Wednesday, June 9, 2010

My Succulent Friend

Summer months bring summer words like melons, fresh greens, corn, stone fruit and our local hero: Walla Walla onions. Once spoken they give promise to a certain style of dish that embodies everything that we feel about this time of year in both spirit and cuisine. These ingredients are the cornerstones of inspiration for both chef and home cook alike, allowing us to take full advantage of this season.

This week's idea originated from halves of hollowed out green summer squash, better known as zucchini, that I had slowly roasted to concentrate their flavor and keep them moist, even going as far as using wet towels underneath to prevent the heat from the roasting pan from browning the bottoms, a technique I mirrored while reheating them to assemble the dish.

Even though I started with the squash, the main focus is always on the protein, and since I felt that I needed something that wouldn't overpower its vessel I naturally leaned towards seafood, which meant a visit from my longtime friend, the king crab.

As some of you may know, my love for this sea creature started at an early age and was probably the catalyst that initiated my love for food that lead to me becoming a chef, and yet still today I find its rich and succulent meat irresistible.

But it has become much more to me than that. Now I enjoy the process of removing the meat as much as I do the consumption; it's a meticulous methodology of cracking, twisting, prying and squeezing aided only by a pair of Cutco scissors bought for me by my father-in-law (thanks Bob!!). Just like handmade pasta or a long braise there is a certain amount of Zen to doing it. In the end I stay true to the final product by simply warming the crab in an emulsion of it's cooking liquid and good amount of butter - just like dunking it into a side of drawn butter.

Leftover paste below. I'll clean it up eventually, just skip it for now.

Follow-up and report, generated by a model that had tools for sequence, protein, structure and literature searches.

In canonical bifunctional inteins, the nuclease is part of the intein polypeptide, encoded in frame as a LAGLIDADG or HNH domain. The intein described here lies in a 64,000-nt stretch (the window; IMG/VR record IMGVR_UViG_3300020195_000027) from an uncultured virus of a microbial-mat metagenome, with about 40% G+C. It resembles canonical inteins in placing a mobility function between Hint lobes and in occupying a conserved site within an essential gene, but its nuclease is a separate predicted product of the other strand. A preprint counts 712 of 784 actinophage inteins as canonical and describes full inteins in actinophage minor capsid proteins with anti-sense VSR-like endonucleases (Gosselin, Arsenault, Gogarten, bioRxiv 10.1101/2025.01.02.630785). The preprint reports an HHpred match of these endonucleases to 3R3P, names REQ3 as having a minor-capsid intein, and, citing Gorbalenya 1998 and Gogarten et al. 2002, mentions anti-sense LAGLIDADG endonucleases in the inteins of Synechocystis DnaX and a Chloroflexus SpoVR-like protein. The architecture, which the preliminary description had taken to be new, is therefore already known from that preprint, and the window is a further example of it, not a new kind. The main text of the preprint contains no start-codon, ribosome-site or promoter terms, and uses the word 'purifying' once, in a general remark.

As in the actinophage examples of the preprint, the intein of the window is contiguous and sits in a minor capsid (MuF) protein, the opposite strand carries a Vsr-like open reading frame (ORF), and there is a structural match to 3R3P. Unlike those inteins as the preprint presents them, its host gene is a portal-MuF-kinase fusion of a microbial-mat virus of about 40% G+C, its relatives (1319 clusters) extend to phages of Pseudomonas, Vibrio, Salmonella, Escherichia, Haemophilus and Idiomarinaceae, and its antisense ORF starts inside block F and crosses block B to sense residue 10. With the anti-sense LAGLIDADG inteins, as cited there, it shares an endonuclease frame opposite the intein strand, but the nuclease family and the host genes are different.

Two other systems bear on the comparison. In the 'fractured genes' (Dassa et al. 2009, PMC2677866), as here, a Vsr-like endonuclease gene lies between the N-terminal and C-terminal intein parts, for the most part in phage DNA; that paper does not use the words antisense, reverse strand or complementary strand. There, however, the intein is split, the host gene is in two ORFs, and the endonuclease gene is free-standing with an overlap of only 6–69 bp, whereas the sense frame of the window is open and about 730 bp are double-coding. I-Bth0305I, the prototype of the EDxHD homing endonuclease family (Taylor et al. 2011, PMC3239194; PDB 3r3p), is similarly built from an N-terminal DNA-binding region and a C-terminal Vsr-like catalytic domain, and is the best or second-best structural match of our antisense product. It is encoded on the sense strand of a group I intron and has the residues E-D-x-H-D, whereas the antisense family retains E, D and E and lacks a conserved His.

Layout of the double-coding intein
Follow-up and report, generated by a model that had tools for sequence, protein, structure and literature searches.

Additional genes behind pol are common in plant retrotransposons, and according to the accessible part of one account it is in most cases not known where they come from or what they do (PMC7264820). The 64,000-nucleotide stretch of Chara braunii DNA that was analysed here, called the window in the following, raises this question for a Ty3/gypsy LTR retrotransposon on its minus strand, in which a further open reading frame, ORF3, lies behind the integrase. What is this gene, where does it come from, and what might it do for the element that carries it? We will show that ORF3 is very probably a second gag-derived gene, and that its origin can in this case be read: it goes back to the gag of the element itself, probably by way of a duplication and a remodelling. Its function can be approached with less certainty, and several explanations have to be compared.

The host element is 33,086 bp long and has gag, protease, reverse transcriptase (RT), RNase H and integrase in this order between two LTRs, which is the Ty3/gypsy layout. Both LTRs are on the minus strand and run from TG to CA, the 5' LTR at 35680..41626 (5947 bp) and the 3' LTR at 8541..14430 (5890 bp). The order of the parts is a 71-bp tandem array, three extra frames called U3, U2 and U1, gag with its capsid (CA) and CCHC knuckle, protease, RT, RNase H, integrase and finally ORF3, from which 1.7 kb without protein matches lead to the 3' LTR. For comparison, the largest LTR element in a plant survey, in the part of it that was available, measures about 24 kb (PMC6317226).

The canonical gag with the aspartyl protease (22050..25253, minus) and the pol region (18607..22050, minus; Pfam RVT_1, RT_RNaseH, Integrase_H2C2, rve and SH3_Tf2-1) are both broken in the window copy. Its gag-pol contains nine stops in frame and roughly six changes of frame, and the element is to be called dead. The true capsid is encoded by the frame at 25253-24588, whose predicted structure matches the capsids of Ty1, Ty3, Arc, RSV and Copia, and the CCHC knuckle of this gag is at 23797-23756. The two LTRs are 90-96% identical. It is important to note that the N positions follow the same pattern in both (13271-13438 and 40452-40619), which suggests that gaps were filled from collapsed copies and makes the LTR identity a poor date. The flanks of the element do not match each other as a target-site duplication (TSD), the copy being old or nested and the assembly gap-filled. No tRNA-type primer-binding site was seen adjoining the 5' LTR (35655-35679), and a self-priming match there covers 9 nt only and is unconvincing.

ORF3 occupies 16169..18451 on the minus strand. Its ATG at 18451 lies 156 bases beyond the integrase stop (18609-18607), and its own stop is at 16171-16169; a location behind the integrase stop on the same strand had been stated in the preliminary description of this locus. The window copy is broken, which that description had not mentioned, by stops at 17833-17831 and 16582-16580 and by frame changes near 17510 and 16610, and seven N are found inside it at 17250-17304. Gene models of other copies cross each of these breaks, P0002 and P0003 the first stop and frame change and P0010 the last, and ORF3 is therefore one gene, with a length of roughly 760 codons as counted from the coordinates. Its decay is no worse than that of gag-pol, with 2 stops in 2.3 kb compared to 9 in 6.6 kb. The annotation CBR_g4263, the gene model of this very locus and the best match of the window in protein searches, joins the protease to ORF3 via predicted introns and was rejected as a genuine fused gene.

For the base I wanted something fresh and summery, so I grilled whole ears of yellow corn just enough char them a little before I cut the kernels from the cob. To this I made a play on salsa, or more accurately pico de gallo, by adding freshly diced jalapenos, tomatoes, red onion, lime juice and a little twist of Asian with some reconstituted fermented black beans. Finally I drizzled the entire dish with creme fraiche that I made by culturing heavy cream with sour cream to make an uber-rich version of the traditional salsa condiment that was then pureed with fresh cilantro for both color and that authentic flavor.

For the drink special I decided to impart another favorite flavor by adding apple into the mix:

Maybe it's a bit of childhood nostalgia, but I have always loved sour apple (as in Jolly Rancher), so I don't mind using apple pucker liqueur as long as it's in moderation, and after a refreshing brew of herbal tea to inspire me I had a new direction.

In the past I have used an organic hibiscus and agave syrup for many other cocktails, but it seems that this subtle floral concoction is a bottomless well of inspiration. Due to its obvious red color it makes perfect sense to use it as a substitute for cranberry juice in a cosmopolitan, but by substituting sour apple pucker for triple sec and keeping the fresh lime juice and vodka injection I came up with a totally unique cocktail that has depth as well as being refreshing!

With Love,